A Different Perspective

A different perspective Recently, my husband and I had the opportunity to have one of the Leadership Development Program Moody scholars stay with us. You’ve met Richmond, Michelle and Tony. Well, “Jimmy from Kenya,” as he likes to call himself, is our newest scholarship recipient.

With Jimmy from Kenya (a.k.a. Jimmy Wambua) as a house guest, we were treated to the first reactions to life in America from the perspective of someone who had grown up in poverty.

After the first couple of days, I asked him how it was going and what struck him most about life in America. It was the cheese.

“In America, you are so particular about what you want. You take me to Subway and they ask, ‘What kind of bread do you want?’ ‘What type of dressing do you want?’ ‘What type of cheese do you want?’ In my country cheese is cheese. It’s this or it’s nothing.”

The variety in general was a bit overwhelming to Jimmy.

“When I asked Mike for tea, he opened the cabinet and there was so much. Tropical tea, dessert tea, tea cocktail. Even in cars you have variety. You have a car for different kinds of weather and different activities.”

At every turn, we seemed to be asking him to make choices. And let’s not even talk about our trip to Walmart.

He was also quite struck by our home and our neighborhood. We live in a fairly typical middle-class American neighborhood and home.

Before he came, I had felt a bit self-conscious because the other hosts of the students were older with nicer homes. I secretly thought he’d be disappointed to stay with us. I know this is a silly worry considering he was coming from a one-room home without indoor plumbing, but I was thinking about the Joneses.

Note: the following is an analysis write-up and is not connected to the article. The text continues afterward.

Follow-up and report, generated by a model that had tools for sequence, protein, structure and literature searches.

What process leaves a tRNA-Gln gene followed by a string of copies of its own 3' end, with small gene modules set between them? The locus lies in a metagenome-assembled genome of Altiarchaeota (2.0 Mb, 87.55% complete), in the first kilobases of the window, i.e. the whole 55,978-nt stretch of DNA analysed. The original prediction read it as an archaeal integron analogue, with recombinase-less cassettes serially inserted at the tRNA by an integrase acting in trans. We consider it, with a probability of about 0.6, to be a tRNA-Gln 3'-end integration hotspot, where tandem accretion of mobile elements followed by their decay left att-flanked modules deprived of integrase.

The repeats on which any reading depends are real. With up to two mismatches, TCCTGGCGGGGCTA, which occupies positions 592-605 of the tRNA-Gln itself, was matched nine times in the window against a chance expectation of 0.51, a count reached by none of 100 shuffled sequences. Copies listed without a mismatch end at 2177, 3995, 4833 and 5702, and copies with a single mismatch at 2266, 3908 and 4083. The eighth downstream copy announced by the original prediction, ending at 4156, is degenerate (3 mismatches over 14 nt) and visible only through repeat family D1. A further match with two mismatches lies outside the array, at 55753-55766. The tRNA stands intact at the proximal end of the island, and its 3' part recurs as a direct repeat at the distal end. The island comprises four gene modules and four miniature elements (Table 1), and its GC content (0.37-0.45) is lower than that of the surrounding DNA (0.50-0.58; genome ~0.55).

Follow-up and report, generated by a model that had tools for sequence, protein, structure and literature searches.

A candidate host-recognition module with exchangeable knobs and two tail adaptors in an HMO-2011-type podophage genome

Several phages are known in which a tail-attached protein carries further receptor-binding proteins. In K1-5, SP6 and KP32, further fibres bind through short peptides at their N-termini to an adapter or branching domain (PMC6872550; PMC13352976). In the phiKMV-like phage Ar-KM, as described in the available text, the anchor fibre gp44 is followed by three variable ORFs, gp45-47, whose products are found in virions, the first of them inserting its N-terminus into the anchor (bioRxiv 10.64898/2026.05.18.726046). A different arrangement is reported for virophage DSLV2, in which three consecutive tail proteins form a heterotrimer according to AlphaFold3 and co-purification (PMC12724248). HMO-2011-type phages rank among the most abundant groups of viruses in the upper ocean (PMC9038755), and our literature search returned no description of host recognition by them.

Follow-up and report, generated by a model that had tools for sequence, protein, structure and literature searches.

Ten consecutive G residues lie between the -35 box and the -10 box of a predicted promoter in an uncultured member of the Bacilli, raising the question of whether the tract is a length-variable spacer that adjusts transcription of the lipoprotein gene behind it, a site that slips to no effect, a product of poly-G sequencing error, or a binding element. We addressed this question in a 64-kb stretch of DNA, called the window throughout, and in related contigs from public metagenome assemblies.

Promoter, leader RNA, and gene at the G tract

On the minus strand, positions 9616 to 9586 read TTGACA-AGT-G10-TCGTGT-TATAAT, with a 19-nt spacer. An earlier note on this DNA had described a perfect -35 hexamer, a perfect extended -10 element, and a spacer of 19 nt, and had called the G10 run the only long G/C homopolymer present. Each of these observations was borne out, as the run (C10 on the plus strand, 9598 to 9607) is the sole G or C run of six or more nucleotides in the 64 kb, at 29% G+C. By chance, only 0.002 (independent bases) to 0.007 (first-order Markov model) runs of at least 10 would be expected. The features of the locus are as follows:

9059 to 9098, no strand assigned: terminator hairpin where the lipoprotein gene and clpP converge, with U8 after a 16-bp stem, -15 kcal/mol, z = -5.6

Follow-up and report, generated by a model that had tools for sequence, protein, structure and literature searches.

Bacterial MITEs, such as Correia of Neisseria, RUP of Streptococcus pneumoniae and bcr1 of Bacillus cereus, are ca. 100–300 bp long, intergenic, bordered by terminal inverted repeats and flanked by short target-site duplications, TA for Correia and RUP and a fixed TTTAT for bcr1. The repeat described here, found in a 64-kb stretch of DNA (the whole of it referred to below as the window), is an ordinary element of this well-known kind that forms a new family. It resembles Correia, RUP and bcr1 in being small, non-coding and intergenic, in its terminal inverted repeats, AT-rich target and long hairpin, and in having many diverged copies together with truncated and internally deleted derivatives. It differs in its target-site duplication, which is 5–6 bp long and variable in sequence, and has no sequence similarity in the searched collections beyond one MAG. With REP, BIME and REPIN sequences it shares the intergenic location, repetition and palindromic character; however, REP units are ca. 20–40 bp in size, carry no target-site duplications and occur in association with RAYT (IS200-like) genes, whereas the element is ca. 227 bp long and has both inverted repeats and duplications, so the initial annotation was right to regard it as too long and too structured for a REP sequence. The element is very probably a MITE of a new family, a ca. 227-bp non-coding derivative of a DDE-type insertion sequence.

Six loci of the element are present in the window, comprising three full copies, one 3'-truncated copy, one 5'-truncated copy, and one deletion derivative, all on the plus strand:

His perspective was different than mine.

“This is the home of a politician. These are the couches of a politician … . This is what I’ll call stinking rich. You live in posh environments, but you don’t feel they are posh.”

Jimmy stayed in our basement, which has an attached bathroom. He said,

“When you first showed me my room, I thought, ‘This must be the main part of the house, the best part of the house.’ Then I saw it was just the basement. In my country, I could work for years and still not have something as nice as your basement.”

I asked Jimmy if it frustrated him or made him angry to see people with so much. I always wonder that when visitors come — are they secretly judging us? Jimmy was gracious.

“Someone without my background who is struggling might be angry. But my feeling is biased because of Compassion. I understand why God blesses Americans — what you give. I believe that spirit of giving has gotten into American culture. You’ve been able to be content with what you have and give to others instead of keeping it for yourselves. Because of your generosity, God has blessed. God rewards you for listening to his call.”

I hope I can live up to Jimmy’s generous attitude toward us.

13 Comments |Add a comment

  1. Jane June 3, 2012

    Jimmy is such an inspiration ,,,,God bless you.It has helped me continue touching a life at a time,,,,

  2. Susan Rodenbaugh Martin June 17, 2010

    Hey, Amber! We, too, will soon be blessed by the presence of Jimmy in our home. My cup runneth over with excitement. I want this to be everything and more for him. I already know this will be true for us. Now, I am fussing over the best way for him to spend his time here in the mountains with us! Thanks so much for sharing this time you had with him!